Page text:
A summary of our informal set of quantum mechanical principles:
(Superposition) If a quantum system can be in one of \(d\) basic states \(\ket{1},\ket{2},\ldots,\ket{d}\), then it can also be in any superposition \(\alpha_1 \ket{1} + \alpha_2 \ket{2} + \cdots + \alpha_d \ket{d}\) where \(\alpha_1,\alpha_2,\ldots,\alpha_d,\) are complex numbers and \(|\alpha_1|^2 + |\alpha_2|^2 + \cdots + |\alpha_d|^2 = 1\).
This makes the set of quantum states of (discrete) quantum system into a finite-dimensional complex vector space. A \(d\)-dimensional quantum state is therefore a unit vector \(\ket{\psi} \in \C^d\).
(Measurement) If \(\ket{v_1},\ldots,\ket{v_d}\) is an orthornormal basis of \(\C^d\) and
\[\ket{\psi} = \beta_1 \ket{v_1} + \cdots + \beta_d \ket{v_d}\]is a quantum state, then measuring \(\ket{\psi}\) in this basis yields outcome “\(\ket{v_j}\)” with probability \(\abs{\beta_j}^2\), and in this case \(\ket{\psi}\) collapses to the state \(\ket{v_j}\).
(Partial measurements) Suppose that \(\ket{\psi} \in \C^{m} \otimes \C^n\) is a quantum state. Recall that we can write
\[\ket{\psi} = \sum_{j=1}^m \sum_{k=1}^n \alpha_{jk} \ket{j_A}\ket{k_B},\]where \(\{\ket{1_A},\ldots,\ket{m_A}\}\) is an orthornormal basis for \(\C^m\), and \(\{\ket{1_B},\ldots,\ket{n_B}\}\) is an orthornormal basis for \(\C^n\).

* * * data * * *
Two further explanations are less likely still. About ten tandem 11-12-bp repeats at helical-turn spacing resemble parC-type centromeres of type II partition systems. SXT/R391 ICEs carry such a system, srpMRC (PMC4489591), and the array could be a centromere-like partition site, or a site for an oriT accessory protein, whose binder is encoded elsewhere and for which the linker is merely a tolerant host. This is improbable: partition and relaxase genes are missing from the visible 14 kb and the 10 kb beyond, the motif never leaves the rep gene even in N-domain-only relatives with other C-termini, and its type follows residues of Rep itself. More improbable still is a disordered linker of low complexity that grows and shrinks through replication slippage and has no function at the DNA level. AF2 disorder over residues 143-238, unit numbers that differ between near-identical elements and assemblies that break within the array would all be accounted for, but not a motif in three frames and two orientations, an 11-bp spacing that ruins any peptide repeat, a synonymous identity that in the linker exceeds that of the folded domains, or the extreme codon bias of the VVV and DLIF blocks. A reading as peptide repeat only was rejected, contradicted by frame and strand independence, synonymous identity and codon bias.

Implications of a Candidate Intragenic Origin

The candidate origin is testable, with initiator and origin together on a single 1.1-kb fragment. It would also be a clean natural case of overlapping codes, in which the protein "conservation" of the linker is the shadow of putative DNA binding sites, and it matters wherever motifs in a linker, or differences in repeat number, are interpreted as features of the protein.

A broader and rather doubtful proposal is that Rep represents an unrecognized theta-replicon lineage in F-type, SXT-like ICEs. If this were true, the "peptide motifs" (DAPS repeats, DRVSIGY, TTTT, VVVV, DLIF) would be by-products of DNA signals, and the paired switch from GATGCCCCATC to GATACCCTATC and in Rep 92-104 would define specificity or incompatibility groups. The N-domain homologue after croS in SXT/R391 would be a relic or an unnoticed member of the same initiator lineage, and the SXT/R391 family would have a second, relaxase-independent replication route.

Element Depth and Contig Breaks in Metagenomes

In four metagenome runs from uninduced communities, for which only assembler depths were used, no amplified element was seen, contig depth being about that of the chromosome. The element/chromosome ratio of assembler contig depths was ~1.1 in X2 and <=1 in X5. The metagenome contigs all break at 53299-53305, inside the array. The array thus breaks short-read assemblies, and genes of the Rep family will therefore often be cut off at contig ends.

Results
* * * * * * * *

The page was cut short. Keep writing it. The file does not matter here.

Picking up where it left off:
If we perform a measurement on the first qubit in the \(\{\ket{1_A},\ldots,\ket{m_A}\}\) basis, then the measured outcome is “\(\ket{j_A}\)” with probability
\[\sum_{k=1}^n |\alpha_{jk}|^2\,,\]and in this case the state collapses to
\[\frac{1}{\left(\sum_{k=1}^n |\alpha_{jk}|^2\right)^{1/2}} \sum_{k=1}^n \alpha_{jk} \ket{j_A} \ket{k_B}\](Unitary evolution) If \(U\) is a \(d \times d\) unitary matrix and \(\ket{\psi} \in \mathbb{C}^d\) is a quantum state, then one can “physically” realize the new state \(U \ket{\psi}\).
(Composing quantum systems) If \(\ket{\psi} \in \C^d\) and \(\ket{\phi} \in \C^{d'}\) are independent quantum states, then their joint state is given by \(\ket{\psi} \otimes \ket{\phi} \in \C^{d \times d'}\).
(Evolution of subsystems) Suppose that \(\ket{\psi} \in \C^{m} \otimes \C^n\) is a quantum state. Recall that we can write \(\ket{\psi} = \sum_{j=1}^m \sum_{k=1}^n \alpha_{jk} \ket{j_A}\ket{k_B},\) since \(\{\ket{1_A},\ldots,\ket{m_A}\}\) is an orthornormal basis for \(\C^m\), and \(\{\ket{1_B},\ldots,\ket{n_B}\}\) is an orthornormal basis for \(\C^n\). And \(\ket{a}\ket{b}\) is shorthand for the tensor product \(\ket{a} \times \ket{b}\).
Suppose now that \(U \in \C^{m \times m}\) is a unitary matrix operating only on the first subsystem. Then the evolution of \(\ket{\psi}\) is given by
\[(U \otimes I) \ket{\psi} = \sum_{j=1}^m \sum_{k=1}^n \alpha_{jk} (U \ket{j_A}) \otimes \ket{k_B},\]where \(I\) is the \(n \times n\) identity matrix.